By Sarra Alpert
When we first started to envision AVODAH’s expansion through the Fellowship, I was certainly excited by the idea that more people would have the opportunity to experience the kind of justice-driven, intentional, challenging-yet-supportive, creatively Jewishly engaged, critically thinking community that we’ve continued to build and grow in AVODAH. But to be totally honest, I also have to admit that knowing the Service Corps program so well and believing so deeply in its impact, it was hard for me to picture how exactly we were going to transfer the power and depth of such an immersive experience into a format that would be so much more diffuse.
What I didn’t anticipate was all the power that the 22 Fellows were going to burst into the room with – that these people who have been out in the world doing the hard work of combating injustice were hungering for exactly these types of rich conversations and meaningful relationship-building, and that the concentrated and limited nature of our time together would not actually feel like a hindrance but like extra motivation for getting the most out of each gathering. The moment that this became clearest to me was on Friday night of our opening retreat. Most Fellows had spent their mornings at work before traveling up to our retreat destination in Stony Point, NY. We then headed straight into Shabbat programming and starting the fairly intense process of each person sharing their Jewish and social justice journey with the group. When we wrapped up the evening’s programming at around 10:00 that night, it had been a very full day. We made announcements about the morning and officially closed out the day. But no one got up – they just continued to ask each other questions about their Jewish identities and their journeys and struggles and connections.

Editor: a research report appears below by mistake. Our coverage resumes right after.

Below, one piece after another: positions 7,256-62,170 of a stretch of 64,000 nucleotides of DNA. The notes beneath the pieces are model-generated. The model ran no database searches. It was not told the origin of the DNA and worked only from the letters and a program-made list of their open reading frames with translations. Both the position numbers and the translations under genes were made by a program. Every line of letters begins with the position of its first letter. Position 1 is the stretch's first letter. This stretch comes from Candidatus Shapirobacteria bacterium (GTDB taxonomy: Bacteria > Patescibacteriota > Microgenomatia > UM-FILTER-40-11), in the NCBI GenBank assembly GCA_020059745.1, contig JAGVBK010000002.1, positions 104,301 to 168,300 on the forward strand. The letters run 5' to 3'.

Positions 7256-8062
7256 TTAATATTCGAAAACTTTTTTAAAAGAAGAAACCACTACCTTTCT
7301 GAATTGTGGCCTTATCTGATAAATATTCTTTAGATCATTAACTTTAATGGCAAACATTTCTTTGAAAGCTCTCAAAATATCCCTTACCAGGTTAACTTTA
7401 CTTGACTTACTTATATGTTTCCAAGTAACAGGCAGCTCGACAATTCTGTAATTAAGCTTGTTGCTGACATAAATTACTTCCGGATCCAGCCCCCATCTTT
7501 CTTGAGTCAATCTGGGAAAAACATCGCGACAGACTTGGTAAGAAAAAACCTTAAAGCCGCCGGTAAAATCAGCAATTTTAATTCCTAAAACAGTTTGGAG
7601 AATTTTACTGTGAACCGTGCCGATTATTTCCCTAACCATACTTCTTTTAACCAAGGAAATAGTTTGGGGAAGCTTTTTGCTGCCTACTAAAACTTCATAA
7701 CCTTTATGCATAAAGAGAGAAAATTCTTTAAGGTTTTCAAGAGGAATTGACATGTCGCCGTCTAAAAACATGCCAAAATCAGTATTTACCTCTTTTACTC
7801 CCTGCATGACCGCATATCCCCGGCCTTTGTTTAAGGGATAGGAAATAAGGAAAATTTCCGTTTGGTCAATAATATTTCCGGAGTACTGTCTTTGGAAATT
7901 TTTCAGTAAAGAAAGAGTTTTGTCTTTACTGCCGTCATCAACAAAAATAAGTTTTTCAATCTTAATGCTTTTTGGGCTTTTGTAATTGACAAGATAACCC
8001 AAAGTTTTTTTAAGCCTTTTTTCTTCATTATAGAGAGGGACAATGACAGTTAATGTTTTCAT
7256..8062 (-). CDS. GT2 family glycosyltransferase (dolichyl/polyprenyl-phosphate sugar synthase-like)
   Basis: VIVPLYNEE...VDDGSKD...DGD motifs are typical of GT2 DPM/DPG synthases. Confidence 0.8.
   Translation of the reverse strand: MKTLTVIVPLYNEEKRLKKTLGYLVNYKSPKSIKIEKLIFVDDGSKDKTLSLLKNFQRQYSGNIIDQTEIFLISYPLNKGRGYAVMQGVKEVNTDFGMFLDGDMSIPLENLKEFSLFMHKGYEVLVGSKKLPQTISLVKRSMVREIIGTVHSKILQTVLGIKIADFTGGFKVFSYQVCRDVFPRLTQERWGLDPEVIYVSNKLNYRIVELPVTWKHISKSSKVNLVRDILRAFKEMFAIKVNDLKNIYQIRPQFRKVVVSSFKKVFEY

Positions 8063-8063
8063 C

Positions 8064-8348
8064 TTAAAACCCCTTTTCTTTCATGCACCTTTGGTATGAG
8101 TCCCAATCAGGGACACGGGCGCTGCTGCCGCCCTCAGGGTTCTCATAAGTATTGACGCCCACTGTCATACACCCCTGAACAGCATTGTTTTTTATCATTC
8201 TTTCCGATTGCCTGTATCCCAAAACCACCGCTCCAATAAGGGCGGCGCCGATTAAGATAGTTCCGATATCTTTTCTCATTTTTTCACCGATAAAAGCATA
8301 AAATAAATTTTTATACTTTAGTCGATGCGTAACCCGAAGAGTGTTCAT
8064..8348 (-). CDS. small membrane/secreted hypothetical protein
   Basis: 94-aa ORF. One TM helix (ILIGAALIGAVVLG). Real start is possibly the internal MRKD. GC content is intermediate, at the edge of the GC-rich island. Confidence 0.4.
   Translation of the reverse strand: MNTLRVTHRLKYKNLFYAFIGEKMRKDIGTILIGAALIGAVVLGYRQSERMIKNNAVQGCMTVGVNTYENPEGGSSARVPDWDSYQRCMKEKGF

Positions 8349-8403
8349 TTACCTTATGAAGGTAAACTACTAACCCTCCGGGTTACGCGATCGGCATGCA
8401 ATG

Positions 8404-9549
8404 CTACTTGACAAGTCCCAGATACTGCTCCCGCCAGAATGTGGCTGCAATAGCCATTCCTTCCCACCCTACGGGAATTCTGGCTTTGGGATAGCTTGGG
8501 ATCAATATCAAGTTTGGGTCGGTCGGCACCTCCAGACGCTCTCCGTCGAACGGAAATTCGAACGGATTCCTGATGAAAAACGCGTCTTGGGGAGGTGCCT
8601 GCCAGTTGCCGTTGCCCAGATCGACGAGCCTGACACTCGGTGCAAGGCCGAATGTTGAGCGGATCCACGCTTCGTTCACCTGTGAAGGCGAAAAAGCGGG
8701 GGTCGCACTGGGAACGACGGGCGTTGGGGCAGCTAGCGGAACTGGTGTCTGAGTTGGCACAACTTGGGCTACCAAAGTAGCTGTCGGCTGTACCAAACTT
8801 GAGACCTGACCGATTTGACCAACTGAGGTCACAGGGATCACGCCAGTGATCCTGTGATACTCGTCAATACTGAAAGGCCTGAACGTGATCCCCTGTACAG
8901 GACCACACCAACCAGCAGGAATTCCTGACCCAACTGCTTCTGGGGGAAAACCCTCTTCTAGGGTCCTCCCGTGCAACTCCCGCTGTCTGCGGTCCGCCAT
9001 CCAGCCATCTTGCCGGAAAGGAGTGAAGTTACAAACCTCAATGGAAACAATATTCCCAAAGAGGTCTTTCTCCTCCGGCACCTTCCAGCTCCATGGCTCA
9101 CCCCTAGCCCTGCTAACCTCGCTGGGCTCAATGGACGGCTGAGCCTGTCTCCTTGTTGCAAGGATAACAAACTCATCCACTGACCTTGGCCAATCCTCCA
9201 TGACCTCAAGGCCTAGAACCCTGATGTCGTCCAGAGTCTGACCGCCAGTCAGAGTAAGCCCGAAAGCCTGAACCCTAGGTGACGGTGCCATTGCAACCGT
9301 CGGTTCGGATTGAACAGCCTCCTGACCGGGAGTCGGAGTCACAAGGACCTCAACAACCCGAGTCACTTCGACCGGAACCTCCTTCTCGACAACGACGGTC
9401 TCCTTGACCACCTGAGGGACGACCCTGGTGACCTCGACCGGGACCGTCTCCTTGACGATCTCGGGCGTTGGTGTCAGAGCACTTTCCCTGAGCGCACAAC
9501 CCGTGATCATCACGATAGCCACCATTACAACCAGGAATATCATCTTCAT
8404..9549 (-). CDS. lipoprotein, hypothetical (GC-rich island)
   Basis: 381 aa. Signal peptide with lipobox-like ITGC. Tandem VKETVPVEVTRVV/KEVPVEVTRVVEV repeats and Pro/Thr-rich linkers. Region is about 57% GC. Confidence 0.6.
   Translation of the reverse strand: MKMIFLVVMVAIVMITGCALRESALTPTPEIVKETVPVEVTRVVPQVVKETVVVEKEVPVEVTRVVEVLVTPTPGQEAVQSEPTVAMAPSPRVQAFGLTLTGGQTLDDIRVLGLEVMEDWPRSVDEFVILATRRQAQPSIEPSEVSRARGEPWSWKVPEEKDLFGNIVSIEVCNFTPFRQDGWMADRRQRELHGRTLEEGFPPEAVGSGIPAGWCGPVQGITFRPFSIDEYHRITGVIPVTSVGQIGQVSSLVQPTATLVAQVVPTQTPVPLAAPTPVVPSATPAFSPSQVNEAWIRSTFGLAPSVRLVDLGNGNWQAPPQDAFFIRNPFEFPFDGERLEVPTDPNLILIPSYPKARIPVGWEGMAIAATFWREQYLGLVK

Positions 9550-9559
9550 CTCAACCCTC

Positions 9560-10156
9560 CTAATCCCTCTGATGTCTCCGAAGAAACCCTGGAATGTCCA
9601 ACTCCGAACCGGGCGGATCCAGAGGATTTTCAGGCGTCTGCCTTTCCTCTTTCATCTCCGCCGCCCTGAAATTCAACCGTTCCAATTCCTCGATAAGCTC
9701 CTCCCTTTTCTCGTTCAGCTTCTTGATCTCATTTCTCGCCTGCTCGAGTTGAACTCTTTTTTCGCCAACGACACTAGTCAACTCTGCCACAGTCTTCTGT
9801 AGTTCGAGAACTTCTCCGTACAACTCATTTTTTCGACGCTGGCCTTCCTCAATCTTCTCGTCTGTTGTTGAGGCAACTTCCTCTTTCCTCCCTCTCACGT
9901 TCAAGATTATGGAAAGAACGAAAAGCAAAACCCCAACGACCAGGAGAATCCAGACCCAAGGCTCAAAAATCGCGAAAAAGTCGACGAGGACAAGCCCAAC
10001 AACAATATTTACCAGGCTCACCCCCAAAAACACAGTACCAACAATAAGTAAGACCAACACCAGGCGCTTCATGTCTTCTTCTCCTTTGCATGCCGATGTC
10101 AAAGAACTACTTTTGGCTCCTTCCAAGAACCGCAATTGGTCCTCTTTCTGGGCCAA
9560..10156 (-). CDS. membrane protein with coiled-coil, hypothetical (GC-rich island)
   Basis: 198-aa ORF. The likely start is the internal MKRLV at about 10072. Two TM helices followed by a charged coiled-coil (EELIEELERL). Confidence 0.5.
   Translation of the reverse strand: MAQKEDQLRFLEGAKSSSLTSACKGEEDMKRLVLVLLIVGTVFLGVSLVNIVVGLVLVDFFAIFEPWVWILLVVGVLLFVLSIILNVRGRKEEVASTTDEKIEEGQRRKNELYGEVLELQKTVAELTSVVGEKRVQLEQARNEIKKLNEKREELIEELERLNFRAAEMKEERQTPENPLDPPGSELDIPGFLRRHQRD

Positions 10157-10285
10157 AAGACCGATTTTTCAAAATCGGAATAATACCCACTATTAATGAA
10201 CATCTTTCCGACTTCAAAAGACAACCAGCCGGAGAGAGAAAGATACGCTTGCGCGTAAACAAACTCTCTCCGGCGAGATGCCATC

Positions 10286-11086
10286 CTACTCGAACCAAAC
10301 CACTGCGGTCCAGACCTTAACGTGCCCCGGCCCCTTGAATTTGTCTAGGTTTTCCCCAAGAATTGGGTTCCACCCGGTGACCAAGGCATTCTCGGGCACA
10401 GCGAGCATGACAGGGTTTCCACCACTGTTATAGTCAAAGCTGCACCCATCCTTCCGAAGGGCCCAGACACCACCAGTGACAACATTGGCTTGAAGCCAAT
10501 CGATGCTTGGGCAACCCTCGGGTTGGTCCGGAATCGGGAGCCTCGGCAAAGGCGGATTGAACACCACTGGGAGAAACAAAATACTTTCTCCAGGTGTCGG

I was so moved and inspired that weekend by their level of engagement, and that continued to shine through so clearly in every program and mentoring meeting and even their email chains. They developed a group culture of not shying away from the difficult questions within our topics – from looking at a history of poverty in NYC to discussing how we are and are not watching out for each other in our city, or from contrasting various methods of social change to examining the work of their own organizations to talk honestly about what’s working and what could be better. They shared their personal struggles with each other and they have been so happy to celebrate each other’s successes as throughout our time together various Fellows got new jobs, applied to graduate school, made important life decisions and explored Jewish community spaces together.